"Who would steal a buggy?!" is probably the most PG response I've had when telling people that ours was stolen. Other responses have usually included the words 'bastards' and 'cunts'. But buggy theft is a thing and - although the police officer I reported it to was incredulous about it and our insurers told me it wasn't something they deal with very often - a quick Google search has shown than it seems to be on the rise.
You probably don't need to be told how expensive buggies are. We spent more on ours (a Silver Cross Wayfarer travel system) than I'd ever spent on a car*. But for something that's used daily the expense is justifiable and almost, in time, forgotten - we certainly became complacent about ours as it became such a part of everyday life for the four years we had it.
But thieves aren't blind to the monetary value of things. A check on resale sites shows just how much second-hand buggies can fetch. Even if they're sold off quickly at a less-than-market price, they command an easy couple of hundred quid.
Our buggy was taken from our kids' nursery. There's a gated buggy park where we, and all the other other parents, leave the pushchairs from drop-off until pick-up. It's overlooked by the office staff, is always full and had previously felt very safe. But two women walked in off the street a week ago and walked out with two buggies - ours and our friend's Bugaboo. We know it was two women because CCTV caught clear footage of them - although whether or not the police will actively search them out is another thing. At a time when the police are seriously underfunded and the biggest challenge faced by London seems to be rising knife crime and organised terror, a couple of buggies won't be top of any officer's 'to do' list.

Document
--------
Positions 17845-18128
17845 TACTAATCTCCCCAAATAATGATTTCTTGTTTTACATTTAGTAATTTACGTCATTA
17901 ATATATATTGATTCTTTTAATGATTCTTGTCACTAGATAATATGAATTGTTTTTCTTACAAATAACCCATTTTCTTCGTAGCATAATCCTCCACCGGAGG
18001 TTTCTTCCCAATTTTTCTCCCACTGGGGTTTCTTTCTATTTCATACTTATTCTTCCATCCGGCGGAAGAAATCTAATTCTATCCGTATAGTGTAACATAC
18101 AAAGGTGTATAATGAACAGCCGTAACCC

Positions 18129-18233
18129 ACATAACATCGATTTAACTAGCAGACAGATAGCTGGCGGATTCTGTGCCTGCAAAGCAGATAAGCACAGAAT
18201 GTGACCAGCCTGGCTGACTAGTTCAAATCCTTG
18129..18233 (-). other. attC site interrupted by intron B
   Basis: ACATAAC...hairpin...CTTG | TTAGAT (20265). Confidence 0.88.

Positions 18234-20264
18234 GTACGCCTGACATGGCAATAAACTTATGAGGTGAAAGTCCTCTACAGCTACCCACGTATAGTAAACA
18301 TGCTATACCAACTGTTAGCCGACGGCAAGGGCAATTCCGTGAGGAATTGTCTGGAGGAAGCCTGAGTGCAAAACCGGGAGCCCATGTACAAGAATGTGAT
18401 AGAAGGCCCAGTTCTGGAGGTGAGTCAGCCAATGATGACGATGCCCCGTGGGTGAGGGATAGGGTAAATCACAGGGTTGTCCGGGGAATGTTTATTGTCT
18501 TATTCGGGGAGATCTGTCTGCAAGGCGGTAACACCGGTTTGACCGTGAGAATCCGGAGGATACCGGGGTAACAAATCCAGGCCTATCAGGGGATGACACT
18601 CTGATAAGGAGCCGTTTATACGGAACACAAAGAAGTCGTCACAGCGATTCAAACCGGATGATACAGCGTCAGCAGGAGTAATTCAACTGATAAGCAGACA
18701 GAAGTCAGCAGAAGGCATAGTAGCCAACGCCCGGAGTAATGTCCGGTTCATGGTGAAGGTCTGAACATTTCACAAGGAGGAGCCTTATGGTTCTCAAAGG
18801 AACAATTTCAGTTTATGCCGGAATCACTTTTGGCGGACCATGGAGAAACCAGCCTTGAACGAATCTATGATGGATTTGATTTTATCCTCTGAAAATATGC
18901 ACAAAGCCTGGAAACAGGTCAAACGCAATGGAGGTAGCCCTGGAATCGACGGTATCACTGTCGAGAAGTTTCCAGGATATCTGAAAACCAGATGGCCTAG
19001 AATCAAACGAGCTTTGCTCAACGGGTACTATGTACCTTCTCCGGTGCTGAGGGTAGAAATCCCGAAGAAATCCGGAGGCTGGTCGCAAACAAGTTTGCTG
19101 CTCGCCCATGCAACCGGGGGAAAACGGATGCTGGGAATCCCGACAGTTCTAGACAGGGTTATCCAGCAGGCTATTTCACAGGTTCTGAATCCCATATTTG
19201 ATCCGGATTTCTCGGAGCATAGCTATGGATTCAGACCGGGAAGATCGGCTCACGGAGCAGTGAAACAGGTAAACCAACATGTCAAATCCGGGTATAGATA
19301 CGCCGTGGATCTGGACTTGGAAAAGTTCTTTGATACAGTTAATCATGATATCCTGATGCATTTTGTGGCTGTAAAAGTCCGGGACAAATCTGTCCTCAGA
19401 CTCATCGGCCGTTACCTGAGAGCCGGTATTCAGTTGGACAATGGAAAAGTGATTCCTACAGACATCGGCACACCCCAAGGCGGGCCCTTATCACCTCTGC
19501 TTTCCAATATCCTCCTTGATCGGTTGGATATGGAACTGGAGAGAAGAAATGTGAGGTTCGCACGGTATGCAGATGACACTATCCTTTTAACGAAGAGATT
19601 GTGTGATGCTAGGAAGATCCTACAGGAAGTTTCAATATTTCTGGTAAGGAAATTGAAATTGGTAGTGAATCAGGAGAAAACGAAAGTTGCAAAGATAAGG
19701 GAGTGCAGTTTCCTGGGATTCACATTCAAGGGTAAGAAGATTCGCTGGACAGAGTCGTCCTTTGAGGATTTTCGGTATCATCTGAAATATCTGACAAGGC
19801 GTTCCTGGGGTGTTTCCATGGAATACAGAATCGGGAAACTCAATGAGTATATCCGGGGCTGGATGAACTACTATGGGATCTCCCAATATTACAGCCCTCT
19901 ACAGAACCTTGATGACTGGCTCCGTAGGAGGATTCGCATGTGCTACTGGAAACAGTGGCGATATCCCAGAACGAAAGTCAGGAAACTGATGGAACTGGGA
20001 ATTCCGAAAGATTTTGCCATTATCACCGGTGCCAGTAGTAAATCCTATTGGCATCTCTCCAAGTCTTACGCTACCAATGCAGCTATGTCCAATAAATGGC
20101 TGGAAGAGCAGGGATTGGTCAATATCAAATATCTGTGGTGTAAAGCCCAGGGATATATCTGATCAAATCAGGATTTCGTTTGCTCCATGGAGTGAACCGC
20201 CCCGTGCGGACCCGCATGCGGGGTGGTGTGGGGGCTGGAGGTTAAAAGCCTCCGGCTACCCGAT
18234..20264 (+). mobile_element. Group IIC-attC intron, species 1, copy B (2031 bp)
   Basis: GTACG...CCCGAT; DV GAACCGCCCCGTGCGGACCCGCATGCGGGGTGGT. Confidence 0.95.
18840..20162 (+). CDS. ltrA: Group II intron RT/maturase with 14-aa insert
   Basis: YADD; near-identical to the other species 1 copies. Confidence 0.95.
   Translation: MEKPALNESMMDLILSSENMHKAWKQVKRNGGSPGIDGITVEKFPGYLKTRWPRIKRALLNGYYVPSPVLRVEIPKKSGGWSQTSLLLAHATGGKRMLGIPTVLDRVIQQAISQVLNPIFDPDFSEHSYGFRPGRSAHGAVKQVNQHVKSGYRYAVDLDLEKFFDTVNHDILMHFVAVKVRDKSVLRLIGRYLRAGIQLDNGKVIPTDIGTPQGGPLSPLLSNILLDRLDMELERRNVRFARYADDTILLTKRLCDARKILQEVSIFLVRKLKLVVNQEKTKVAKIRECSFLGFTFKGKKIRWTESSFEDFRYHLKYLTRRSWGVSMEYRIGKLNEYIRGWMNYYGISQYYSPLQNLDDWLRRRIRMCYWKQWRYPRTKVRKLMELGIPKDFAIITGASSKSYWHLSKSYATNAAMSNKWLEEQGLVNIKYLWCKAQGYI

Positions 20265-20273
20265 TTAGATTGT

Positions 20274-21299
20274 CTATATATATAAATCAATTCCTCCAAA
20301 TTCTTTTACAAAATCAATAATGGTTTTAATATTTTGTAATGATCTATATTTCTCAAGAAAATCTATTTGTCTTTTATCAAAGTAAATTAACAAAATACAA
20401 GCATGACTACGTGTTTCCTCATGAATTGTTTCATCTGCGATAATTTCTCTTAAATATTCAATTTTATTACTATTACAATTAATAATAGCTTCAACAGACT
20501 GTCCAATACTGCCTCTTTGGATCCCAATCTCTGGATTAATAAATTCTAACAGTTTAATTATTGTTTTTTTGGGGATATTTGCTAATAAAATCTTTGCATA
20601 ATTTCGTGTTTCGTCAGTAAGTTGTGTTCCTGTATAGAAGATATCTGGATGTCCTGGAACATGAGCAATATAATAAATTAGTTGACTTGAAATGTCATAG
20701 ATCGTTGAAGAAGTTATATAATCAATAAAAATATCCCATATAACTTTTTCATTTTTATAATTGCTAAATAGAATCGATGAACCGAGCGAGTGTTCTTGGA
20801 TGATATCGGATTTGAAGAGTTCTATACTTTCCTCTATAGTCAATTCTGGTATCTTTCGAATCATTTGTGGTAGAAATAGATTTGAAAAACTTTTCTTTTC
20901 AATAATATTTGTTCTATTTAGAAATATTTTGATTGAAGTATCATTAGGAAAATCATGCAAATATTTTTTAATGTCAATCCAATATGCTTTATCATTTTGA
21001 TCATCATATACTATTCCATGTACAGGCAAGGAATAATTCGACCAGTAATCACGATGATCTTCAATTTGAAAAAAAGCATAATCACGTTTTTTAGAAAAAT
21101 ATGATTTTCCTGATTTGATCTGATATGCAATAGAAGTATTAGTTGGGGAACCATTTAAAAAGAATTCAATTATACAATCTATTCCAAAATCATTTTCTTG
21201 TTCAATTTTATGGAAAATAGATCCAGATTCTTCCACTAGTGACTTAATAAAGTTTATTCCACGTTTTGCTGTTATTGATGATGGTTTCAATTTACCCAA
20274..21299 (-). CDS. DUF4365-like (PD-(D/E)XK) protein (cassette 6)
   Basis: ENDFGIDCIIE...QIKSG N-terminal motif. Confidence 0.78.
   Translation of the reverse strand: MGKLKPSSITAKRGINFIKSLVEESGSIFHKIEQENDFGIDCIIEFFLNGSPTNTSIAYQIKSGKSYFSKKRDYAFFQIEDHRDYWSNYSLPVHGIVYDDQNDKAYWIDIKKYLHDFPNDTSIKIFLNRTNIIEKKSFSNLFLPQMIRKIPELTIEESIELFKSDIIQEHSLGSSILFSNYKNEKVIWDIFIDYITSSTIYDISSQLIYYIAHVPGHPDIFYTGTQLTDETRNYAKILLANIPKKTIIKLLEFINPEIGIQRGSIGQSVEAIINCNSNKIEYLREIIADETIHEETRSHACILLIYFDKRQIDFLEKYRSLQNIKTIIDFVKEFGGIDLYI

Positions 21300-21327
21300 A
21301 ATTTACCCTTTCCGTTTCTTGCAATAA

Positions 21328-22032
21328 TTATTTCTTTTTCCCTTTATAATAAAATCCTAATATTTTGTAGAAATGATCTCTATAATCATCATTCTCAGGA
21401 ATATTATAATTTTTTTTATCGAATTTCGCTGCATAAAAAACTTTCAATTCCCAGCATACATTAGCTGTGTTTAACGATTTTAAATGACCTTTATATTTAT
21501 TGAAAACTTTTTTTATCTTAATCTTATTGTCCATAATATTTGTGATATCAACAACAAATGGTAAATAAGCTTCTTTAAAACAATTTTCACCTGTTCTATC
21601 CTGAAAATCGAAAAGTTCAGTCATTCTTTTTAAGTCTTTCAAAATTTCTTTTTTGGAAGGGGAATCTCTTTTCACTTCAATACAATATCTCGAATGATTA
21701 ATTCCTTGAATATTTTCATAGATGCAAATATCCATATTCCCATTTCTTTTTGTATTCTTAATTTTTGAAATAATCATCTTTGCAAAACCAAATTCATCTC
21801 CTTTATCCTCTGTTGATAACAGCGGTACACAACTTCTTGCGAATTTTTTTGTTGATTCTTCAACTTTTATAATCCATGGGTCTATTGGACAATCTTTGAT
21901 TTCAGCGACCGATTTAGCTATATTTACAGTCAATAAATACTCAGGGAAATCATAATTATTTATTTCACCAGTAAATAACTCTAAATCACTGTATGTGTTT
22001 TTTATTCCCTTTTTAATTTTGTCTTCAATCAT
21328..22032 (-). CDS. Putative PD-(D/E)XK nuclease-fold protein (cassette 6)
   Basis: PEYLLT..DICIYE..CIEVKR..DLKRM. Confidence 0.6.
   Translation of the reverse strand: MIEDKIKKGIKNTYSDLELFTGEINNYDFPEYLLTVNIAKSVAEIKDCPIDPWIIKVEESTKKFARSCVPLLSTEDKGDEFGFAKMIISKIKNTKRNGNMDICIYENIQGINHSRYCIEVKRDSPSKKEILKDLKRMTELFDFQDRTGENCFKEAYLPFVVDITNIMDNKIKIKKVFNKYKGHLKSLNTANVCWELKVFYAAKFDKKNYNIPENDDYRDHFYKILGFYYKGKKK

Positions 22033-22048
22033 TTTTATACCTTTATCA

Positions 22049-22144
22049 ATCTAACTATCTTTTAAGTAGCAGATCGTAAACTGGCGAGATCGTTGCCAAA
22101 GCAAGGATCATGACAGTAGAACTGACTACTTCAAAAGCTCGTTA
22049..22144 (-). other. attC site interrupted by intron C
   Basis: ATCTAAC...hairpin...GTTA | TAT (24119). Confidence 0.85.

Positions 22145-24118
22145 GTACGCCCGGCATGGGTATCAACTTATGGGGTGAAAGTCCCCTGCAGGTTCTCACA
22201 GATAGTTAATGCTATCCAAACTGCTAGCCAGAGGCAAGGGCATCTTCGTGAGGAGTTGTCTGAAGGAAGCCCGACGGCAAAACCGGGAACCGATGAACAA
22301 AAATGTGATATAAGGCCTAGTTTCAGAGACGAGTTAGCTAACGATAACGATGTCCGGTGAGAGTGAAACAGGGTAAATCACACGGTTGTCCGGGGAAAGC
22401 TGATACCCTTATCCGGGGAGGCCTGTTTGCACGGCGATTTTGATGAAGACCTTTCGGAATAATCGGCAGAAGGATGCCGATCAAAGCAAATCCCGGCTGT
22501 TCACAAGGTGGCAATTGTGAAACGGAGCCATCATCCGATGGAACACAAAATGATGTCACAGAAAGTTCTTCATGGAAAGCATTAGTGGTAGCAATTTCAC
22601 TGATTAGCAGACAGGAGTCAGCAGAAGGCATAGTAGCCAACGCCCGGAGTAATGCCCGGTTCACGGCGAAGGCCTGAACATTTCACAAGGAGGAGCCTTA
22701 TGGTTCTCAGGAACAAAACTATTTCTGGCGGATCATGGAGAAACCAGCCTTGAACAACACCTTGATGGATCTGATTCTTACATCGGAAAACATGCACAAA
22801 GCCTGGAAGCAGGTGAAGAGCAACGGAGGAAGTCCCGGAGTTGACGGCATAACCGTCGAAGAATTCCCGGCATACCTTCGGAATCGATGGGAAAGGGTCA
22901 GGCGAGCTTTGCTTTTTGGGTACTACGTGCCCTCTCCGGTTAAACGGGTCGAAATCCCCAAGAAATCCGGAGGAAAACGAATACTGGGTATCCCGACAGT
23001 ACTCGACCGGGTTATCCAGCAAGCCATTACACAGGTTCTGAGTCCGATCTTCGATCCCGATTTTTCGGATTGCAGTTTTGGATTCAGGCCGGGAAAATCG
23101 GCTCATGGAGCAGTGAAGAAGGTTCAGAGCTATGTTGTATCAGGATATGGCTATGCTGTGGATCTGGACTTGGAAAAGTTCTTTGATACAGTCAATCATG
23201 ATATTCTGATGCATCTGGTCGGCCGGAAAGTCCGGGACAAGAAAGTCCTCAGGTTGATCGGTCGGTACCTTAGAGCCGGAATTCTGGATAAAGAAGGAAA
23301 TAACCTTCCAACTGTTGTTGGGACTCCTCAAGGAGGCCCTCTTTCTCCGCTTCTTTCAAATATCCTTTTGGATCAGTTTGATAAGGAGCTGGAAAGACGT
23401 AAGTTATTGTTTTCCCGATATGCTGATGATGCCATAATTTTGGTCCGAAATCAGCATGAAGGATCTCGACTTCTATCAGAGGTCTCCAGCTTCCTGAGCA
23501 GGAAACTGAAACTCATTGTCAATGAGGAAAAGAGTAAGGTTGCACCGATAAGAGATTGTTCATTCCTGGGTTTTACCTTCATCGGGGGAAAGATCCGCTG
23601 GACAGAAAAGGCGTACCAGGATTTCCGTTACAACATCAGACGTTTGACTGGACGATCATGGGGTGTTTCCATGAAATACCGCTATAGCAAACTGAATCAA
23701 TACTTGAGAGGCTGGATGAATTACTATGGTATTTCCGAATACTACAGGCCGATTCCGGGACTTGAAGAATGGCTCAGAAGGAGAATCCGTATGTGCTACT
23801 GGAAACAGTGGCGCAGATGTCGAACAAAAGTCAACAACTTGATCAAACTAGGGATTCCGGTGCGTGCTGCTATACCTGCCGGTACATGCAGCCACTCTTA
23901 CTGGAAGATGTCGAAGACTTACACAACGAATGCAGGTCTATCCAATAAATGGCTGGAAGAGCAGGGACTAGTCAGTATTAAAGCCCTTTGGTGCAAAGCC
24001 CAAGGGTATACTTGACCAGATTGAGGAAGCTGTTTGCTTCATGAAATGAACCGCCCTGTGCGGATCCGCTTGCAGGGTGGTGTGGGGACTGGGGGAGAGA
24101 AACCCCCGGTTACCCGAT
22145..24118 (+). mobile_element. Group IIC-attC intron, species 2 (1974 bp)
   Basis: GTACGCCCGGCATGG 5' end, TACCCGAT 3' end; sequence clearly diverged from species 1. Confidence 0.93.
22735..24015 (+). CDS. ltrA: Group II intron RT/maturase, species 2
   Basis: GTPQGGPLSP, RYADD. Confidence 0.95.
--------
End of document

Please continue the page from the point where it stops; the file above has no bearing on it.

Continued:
Our insurers are paying out for our loss, but any parent will probably agree that it's not about the money. It's about someone taking something that belongs to your children. It's about losing a thing that has played such a big part in their early years, something that's kept them safe, warm, dry and comfortable. Something that was covered in their sticky mess and 'customised' by their pen scribbles. "It's only stuff" is what I say over and over again - and it's true - but it's stuff that we shouldn't have taken from us.
I've now bought a buggy lock to use whenever I have to leave our (second-hand, not as nice!) buggy unattended. If I've learnt anything, it's to be cautious and do whatever you can to at least deter a would-be thief. It sounds selfish, but even if just locking the wheel makes our buggy that little bit more difficult to steal so that they choose to take someone's else's, that's worth it. I'd recommend anyone else to do the same.
• Make sure your household insurance covers you for buggy theft. Ours was covered by the 'personal possessions away from home' section, so check the amount of cover you have is sufficient for the cost of your pram and any accessories - just in case the worst happens.
• Lock your buggy when you need to leave it anywhere. My Buggy Buddy Lock, £8.95 at Boots, offers protection without making you look too neurotic or paranoid (which a great big bike lock might do). It can be used to lock your bags to your pram or to lock the pram to a railing. Even just locking one wheel will prevent a thief from walking away with it easily.
• Don't leave anything in your buggy's shopping basket and always remove any sentimental items, such as toys and comforters. It's bad enough losing a buggy and explaining theft to a toddler, without them being robbed of a favourite, can't-live-without friend, too.
*This is true, although I'd only owned properly crap cars pre-parenthood.